Old Javanese papahthe long stalk of a palm- or banana-leaf
Malay (Jakarta) papahcoconut frond
Arosi haha-nafrond of a palm

Note:   Dempwolff (1934-38) posited *papaq, but cross-referenced it to *p-al-apaq and cited supporting evidence only for the latter reconstruction.


*papaR cheek


PCEMP     *papaR cheek

Buruese papa-ncheek


POC     *babaR side of the face, cheek; side planks of a canoe

Molima babalower plank on canoe side
Roviana papara (OG)side of face, cheek
Kwaio babaside, cheek
Lau babalong side board of canoe; the side
Arosi babacheek, temples; side of a stream, etc.
Fijian babathe side of a thing, the cheek bone; also, the side of a canoe

Note:   Also Soboyo popa ‘cheek’. Stresemann (1927:52) gives SUBM *papa- ‘cheek’, but supports his reconstruction with a single reflex (Wolu fafa-). It is possible that the Molima, Lau, and Fijian words that refer to the sideboards of a canoe actually reflect PMP *papan ‘plank, board’.


*pa(m)pet stopped up


PWMP     *pa(m)pet stopped up

Singhi Land Dayak paputstopped up (choked up)
Javanese pampetstop flowing (as blood)

Note:   With root *pet ‘plugged, stopped, closed off’.


*papi cook in an earth oven


POC     *papi cook in an earth oven

Lau fafiput leaves on oven in cooking
Kwaio faficook in leaf oven; sacrifice a pig
Sa'a hahicook in an oven with leaves and hot stones
Arosi hahicook in a native oven; food cooked so
Fijian vavibake food in a native oven


*papo coral reef


POC     *papo₃ coral reef

Gedaged bab (NG)kind of coral, limestone
Sa'a hahothe shore reef
Arosi hahoencircling reef
Rotuman hahocoral reef


*paqa₁ thigh


PAN     *paqa₁ thigh

Puyuma paʔathigh
Itbayaten paathigh
Sambal (Botolan) páʔathigh
Tagalog páʔa ~ paʔáfoot, leg; hoof, paw
  paʔa-hánhaving large feet
Bikol páʔathigh; lap, haunches, hip
  paʔá-ondescribing someone with large thighs
Agutaynen pakathigh; leg
Hiligaynon páʔathigh
Aklanon páʔathigh, upper leg
Masbatenyo páʔathigh, upper leg
Waray-Waray páʔathigh; lap
Cebuano páʔathigh, legs from the knees up
  páʔa-hanthe upper leg of a pair of pants
Mapun paathigh
Mansaka paathigh
Binukid paafoot, leg; leg (of a table or other furniture)
Manobo (Western Bukidnon) paʔathe foot and/or leg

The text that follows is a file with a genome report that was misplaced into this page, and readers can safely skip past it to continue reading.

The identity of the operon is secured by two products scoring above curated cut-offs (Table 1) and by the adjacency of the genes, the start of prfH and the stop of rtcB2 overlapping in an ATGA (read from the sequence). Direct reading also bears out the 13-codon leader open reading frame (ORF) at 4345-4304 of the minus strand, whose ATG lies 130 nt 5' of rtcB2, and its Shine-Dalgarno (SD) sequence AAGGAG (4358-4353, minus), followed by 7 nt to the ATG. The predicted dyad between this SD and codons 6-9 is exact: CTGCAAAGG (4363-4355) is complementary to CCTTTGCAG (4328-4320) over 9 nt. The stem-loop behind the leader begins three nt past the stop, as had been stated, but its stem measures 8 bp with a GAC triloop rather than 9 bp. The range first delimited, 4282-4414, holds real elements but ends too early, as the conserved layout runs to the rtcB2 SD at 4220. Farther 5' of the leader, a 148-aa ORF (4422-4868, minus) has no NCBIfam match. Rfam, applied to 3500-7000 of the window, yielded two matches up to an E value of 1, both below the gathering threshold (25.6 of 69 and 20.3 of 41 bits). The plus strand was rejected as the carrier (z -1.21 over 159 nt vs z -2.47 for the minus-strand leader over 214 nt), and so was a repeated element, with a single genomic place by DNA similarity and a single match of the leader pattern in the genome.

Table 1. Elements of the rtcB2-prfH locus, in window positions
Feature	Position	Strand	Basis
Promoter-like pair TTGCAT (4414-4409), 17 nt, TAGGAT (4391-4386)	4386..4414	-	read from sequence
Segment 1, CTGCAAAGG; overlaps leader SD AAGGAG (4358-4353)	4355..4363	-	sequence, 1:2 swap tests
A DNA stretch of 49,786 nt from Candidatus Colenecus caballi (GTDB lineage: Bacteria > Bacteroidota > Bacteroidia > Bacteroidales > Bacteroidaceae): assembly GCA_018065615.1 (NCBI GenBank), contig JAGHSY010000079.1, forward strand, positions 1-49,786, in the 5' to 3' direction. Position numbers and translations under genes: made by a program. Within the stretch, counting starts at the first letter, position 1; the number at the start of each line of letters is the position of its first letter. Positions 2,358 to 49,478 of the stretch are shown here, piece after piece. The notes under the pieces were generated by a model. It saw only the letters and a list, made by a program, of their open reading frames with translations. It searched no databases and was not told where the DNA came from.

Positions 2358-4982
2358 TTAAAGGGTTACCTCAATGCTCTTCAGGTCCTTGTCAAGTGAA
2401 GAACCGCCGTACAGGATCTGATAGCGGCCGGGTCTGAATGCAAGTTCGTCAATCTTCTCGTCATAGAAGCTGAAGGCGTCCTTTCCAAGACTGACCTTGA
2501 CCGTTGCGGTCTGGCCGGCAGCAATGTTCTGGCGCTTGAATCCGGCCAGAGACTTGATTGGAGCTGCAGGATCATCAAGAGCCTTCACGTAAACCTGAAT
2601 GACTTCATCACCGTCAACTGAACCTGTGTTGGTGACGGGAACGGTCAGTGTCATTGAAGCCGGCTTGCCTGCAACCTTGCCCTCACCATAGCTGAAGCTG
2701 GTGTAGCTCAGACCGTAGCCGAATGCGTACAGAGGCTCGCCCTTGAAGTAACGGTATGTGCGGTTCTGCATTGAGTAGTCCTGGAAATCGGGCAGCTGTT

Tboli hahathigh of person or animal; lap of a person
Yakan paʔathigh
Tausug paathigh
Tombonuwo paathigh, upper leg
Kelabit paʔehthigh
Seru pohthigh
Malay pahathigh; quarter; ham (of animal)
  paha belalaŋupper leg of grasshopper; fig. for safety pin; curve of a perfect thigh
Sundanese pahathigh, upper leg
Balinese pahathigh
Sasak pathigh
Mongondow paathigh; hip; buttock
Totoli paathigh
Boano paʔathigh
Bare'e paʔathigh, upper leg
Proto-Bungku-Tolaki *paqathigh
Wolio paathigh; quarter (of a carcass)
  paa-na ŋkaborograsshopper’s thighs (said of a very thin person)
Muna faghathigh
Manggarai paʔathigh
Rembong paʔathigh
Ngadha paaupper leg, thigh
Fordata faa-ncalf of the leg
Lakalai la vaha-leg, foot

Note:   Also Tiruray foʔoʔ, Iban pah, Balinese pehe ‘thigh’. Dempwolff (1938) also included Fijian yava- ‘the leg below the knee, including the foot’, but it is not at all clear that this form reflects PAn *paqa.


*paqa₂ stalk or stem of a plant


PMP     *paqa₂ stalk or stem of a plant

Muna faghastalk of certain trees (coconut, areca) from which grow branches
Ngadha paashoot, sprig, sprout
Buruese paa-nstem, base of trunk; stem, especially of a taro plant
Numfor fasheath of a palm blossom

Note:   Possibly the same morpheme as PMP *paqa ‘thigh’. Dempwolff (1938) united both meanings under a single form, but presented very little evidence for *paqa in the meaning ‘stalk, stem’.


*paqet wood-working tool: chisel


PMP     *paqet wood-working tool: chisel

Itbayaten paethole-boring tool which was used a long time ago
Ilokano paét -an, i-, mai-chisel
Isneg apāta chisel made of iron throughout, without a wooden handle
Bontok paə́tchisel (said to < Ilokano)
Ifugaw paót mum-, -in-, <in> -anwood carving; chisels used for carving
Kapampangan patchisel (for woodworking)
Tagalog paʔítchisel (in carpentry)
Mapun paat -an, -unchisel
Kelabit paʔetchisel
Iban pattapping knife, gouge, chisel
  pat getahtapping knife for rubber latex
Jarai phaʔchisel (for carpentry)
Rhade phatto chisel
Malay pahatchisel; gouge; punch
Gayō pātchisel
Karo Batak pahatchisel
  mahatto chisel, work with a chisel
Simalur paeʔchisel
  mam-paeʔto chisel something
Nias fahõchisel
  mamahõto chisel, work with a chisel
Balinese pahetchisel
  mahet -ang, -incut with a chisel, hew
Sasak pata chisel
  ŋe-patto chisel
Tontemboan pa-paʔata chisel
  maʔat ~ ma-paʔatto chisel
Taje pa-paata chisel
Bare'e paʔat-ia chisel
  nda-paʔat-ichiseled, chiseled out
Tae' paʔa chisel
  paʔ-ichisel out, gouge a hole with a chisel; carving done with a chisel
Proto-Bungku-Tolaki *paqoQchisel
Makasarese paʔa chisel


POC     *paqot wood-working tool: chisel